SI:AM | NBA Competition Committee Looking Into Offensive Surge, per Report


Today, NBA scoring is simpler than ever—not just in the All-Star Game. That comical display in Indianapolis earlier this month sparked much debate about the future of the All-Star Game, but the 211–186 final score was the top of a long-term trend.

Over the previous few years, NBA scoring has progressively increased to its highest level in over 50 years. However, the NBA may act.  

According to ESPN's Tim Bontemps and Kevin Pelton, “the league's competition committee has officially begun reviewing whether the game has tilted too far towards offence and whether changes need to be implemented to achieve better balance.”  

“It is a topic that we’re monitoring,” NBA head of basketball operations Joe Dumars told ESPN. “We're diving in right now to make sure we're on the right side.”  

All sports leagues must decide how to adjust rules to make the game seem good and engage viewers. MLB has done it with the pitch clock, baseball composition changes, and defensive shift bans.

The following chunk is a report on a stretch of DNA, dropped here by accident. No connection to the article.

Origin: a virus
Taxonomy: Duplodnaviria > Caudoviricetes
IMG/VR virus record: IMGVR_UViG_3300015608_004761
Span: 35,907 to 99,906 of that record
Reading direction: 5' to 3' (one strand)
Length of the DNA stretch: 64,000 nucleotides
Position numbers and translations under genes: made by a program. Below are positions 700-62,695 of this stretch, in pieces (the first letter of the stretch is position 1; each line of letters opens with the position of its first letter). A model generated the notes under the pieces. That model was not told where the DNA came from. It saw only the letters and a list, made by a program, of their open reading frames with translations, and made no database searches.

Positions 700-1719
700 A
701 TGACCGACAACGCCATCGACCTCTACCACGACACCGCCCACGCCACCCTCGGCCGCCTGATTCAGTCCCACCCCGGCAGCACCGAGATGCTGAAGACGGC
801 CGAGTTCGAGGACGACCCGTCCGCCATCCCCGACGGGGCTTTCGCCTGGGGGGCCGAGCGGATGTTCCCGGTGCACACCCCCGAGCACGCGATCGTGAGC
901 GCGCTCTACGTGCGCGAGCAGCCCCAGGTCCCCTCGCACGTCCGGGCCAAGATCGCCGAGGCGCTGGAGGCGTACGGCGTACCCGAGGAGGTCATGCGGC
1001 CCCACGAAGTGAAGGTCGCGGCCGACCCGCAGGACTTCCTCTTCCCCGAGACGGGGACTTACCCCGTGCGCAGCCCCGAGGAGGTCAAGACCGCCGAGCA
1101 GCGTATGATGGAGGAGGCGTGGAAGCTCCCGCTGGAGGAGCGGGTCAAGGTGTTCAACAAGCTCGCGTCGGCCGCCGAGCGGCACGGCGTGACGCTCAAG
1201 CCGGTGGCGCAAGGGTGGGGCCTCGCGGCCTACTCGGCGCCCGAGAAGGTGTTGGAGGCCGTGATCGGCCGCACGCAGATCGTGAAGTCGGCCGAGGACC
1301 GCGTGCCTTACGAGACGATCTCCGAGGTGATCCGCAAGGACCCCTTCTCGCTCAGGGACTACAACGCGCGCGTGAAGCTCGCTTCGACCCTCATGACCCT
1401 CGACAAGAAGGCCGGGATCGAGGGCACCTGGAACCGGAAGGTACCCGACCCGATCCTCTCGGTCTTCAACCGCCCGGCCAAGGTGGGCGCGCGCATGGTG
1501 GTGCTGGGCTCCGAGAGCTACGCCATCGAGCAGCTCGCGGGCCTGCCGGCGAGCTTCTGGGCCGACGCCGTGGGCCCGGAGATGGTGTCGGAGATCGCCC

Stats show that offences win. Teams average 115.3 points per game this season. That's the highest since 1969–70. Teams average 115.7 points per 100 possessions, the most since possession data was collected in 1974–75.  

This season, teams are averaging 12.8 made threes per game, the most in league history, but the analytics revolution and the increase in three-point attempts are not the only reasons.   

Even though more shots are difficult three-pointers, the league field goal percentage is.475, greater than in any season since '89–90. This season, teams attempted 35.0 threes per game, up from 6.6 in 1989–90.  

That means players are getting more easier two-pointers than before. Between 2012–13 and 2021–22, the league field goal percentage was.449–.466. Last season, it reached.475.   

This season's surge in individual scoring has been the most obvious sign of this new offensive reality. Six 60-point games this season are the third most in NBA history. In 1961–62 and ’62–63, Wilt Chamberlain dominated the stat sheet.   

Not simply ultra-rare scoring outbursts are rising. More players are scoring at attainable levels. This season has seen 121 40-point games, including Luka Dončić's last night.   

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